Last updated: September 20. 2013 9:00AM - 1856 Views
Kelly Mayo Staff writer



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PEMBROKE — Genetic engineering, climate change and history were all on the menu as an environmental activist and former two-time vice presidential candidate shared what she called the “covenant” American Indians have with their food.


About 60 students and faculty from The University of North Carolina at Pembroke and local residents came to The Regional Center at COMtech to hear Winona LaDuke’s presentation on ecological sustainability and self-sufficiency on Thursday. The presentation was part of UNCP’s Native American Speakers Series and the 2013 Conference of American Indian Women of Proud Nations, which began Wednesday and concludes today.


LaDuke, an Anishinaabe Indian, said food is a lifeline to Americans Indians’ culture and heritage, saying the Anishinaabe tribe was told to “go to where food grows on the water,” which led them to the rice paddies of Minnesota. She highlighted her point in a video showing Anishinaabe men harvesting wild rice during an annual ritual on their reservation.


“It’s not just a commodity,” LaDuke said. “It’s a covenant.”


To protect that bond, LaDuke said she and her family waged an eight-year battle against the federal government to stop the genetic engineering of indigenous wild rice.


“If genetic engineering is the answer, what was the question?” she said.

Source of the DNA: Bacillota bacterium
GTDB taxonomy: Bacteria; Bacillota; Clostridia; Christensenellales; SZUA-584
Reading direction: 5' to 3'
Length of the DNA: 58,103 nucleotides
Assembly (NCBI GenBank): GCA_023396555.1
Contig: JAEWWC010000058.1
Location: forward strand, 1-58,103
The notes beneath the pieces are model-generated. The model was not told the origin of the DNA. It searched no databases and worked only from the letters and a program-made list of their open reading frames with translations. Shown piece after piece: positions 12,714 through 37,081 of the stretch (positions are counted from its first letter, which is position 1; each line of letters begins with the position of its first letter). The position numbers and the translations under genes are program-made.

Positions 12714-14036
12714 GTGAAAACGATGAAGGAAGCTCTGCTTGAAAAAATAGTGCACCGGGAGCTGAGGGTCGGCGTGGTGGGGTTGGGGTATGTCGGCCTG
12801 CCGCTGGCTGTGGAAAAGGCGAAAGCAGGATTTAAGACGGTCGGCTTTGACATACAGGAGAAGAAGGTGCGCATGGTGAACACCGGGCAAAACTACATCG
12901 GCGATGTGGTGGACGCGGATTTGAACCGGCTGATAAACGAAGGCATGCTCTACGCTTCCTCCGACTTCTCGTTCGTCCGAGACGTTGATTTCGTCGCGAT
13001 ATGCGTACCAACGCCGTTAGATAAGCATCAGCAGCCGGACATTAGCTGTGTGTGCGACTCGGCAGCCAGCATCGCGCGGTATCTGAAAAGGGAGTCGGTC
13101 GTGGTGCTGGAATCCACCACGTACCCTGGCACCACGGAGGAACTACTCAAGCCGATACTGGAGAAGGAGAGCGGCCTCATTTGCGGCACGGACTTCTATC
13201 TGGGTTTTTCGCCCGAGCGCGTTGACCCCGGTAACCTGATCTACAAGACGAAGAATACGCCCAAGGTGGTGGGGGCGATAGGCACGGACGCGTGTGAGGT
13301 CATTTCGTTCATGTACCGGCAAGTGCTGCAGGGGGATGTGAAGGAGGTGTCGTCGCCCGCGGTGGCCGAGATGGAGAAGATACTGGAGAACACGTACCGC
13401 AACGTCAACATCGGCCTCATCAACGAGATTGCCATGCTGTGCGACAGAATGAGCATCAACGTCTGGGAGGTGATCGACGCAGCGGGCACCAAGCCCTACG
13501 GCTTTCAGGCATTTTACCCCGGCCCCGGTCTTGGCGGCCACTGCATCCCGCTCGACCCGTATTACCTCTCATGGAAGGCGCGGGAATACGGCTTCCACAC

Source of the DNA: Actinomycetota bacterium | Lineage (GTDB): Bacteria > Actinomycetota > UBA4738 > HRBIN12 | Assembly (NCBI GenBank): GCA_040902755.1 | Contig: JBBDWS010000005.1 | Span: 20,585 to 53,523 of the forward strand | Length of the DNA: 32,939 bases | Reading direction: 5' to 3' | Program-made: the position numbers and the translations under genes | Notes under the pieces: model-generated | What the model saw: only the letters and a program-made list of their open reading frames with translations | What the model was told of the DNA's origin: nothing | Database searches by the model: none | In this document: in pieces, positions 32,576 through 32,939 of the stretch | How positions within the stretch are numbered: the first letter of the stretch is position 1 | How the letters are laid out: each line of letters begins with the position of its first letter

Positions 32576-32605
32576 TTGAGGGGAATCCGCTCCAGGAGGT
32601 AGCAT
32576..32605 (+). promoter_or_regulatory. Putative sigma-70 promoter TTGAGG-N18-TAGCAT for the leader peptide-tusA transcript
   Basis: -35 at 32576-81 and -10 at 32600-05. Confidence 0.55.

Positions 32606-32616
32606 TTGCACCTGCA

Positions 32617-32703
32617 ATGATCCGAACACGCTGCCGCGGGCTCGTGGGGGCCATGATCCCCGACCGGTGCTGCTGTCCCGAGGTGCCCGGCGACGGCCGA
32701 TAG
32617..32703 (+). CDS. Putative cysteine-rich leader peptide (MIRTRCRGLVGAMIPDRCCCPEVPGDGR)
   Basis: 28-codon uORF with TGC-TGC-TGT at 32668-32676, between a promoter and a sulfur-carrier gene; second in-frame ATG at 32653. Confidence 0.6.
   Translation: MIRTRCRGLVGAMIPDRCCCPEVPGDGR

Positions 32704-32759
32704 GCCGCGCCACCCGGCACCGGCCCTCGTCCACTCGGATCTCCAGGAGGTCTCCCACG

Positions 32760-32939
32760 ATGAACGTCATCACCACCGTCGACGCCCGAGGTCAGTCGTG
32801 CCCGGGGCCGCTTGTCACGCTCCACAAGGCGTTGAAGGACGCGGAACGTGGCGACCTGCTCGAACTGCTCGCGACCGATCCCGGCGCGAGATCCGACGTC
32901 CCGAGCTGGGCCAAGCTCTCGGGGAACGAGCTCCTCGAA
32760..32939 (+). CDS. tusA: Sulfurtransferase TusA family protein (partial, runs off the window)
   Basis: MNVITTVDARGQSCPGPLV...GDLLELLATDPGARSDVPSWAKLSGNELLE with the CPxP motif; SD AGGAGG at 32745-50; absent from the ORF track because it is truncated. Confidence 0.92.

LaDuke said climate change and the use of fossil fuels are causing ecological ruin around the world, especially with the way fuels are extracted from the Earth.


“Carbon belongs in the soil, not in the air,” she said. “When you go to extremes, you do things like frack and blow the tops off of 500 mountains … because you’re desperate.”


LaDuke showed photos of houses in an Alaskan village crumbling because the foundation underneath is melting, which she said is evidence that geography is changing.


“Anyone who thinks climate change isn’t happening is highly delusional,” she said.


LaDuke said the decrease in locally-grown food is destabilizing communities worldwide by “setting ourselves up for dependency” on corporations to deliver food from around the world.


“We used to be able to feed ourselves,” LaDuke said. “The creator didn’t give us Walmart. The creator gave us rice.”


LaDuke said the “antidote” to food dependency is the Indigenous Corn Restoration Project. She said her work in the project includes growing her own varieties of corn that are frost- and drought-resistant and prosper when other corn crops fail.


“Crop diversity gives you a better chance of eating in the time of climate change,” she said.


Rose Stremlau, an associate professor of history at UNCP, called LaDuke’s presentation “wonderful.”


“It’s so important for our campus … to help us understand that it’s not just what we eat in the cafeteria but how the food gets to campus,” Stremlau said.


UNCP freshman Tristan Clark attended the presentation as an extra-credit assignment for his American Indian Studies class.


“She was amazing,” he said. “She gave a very true perspective of American Indian thought.”


Jo Ann Chavis-Lowry, a member of the county Board of Education, said LaDuke reminded her of her own childhood.


“I thought it was right on target,” she said. “My mom made hominy. I remember the stuff she talked about.”


LaDuke founded Honor the Earth, a national advocacy group for native environmental groups, and the White Earth Land Recovery Project, one of the largest reservation-based non-profits in the country. She was Ralph Nader’s running mate during the 1996 and 2000 presidential elections.

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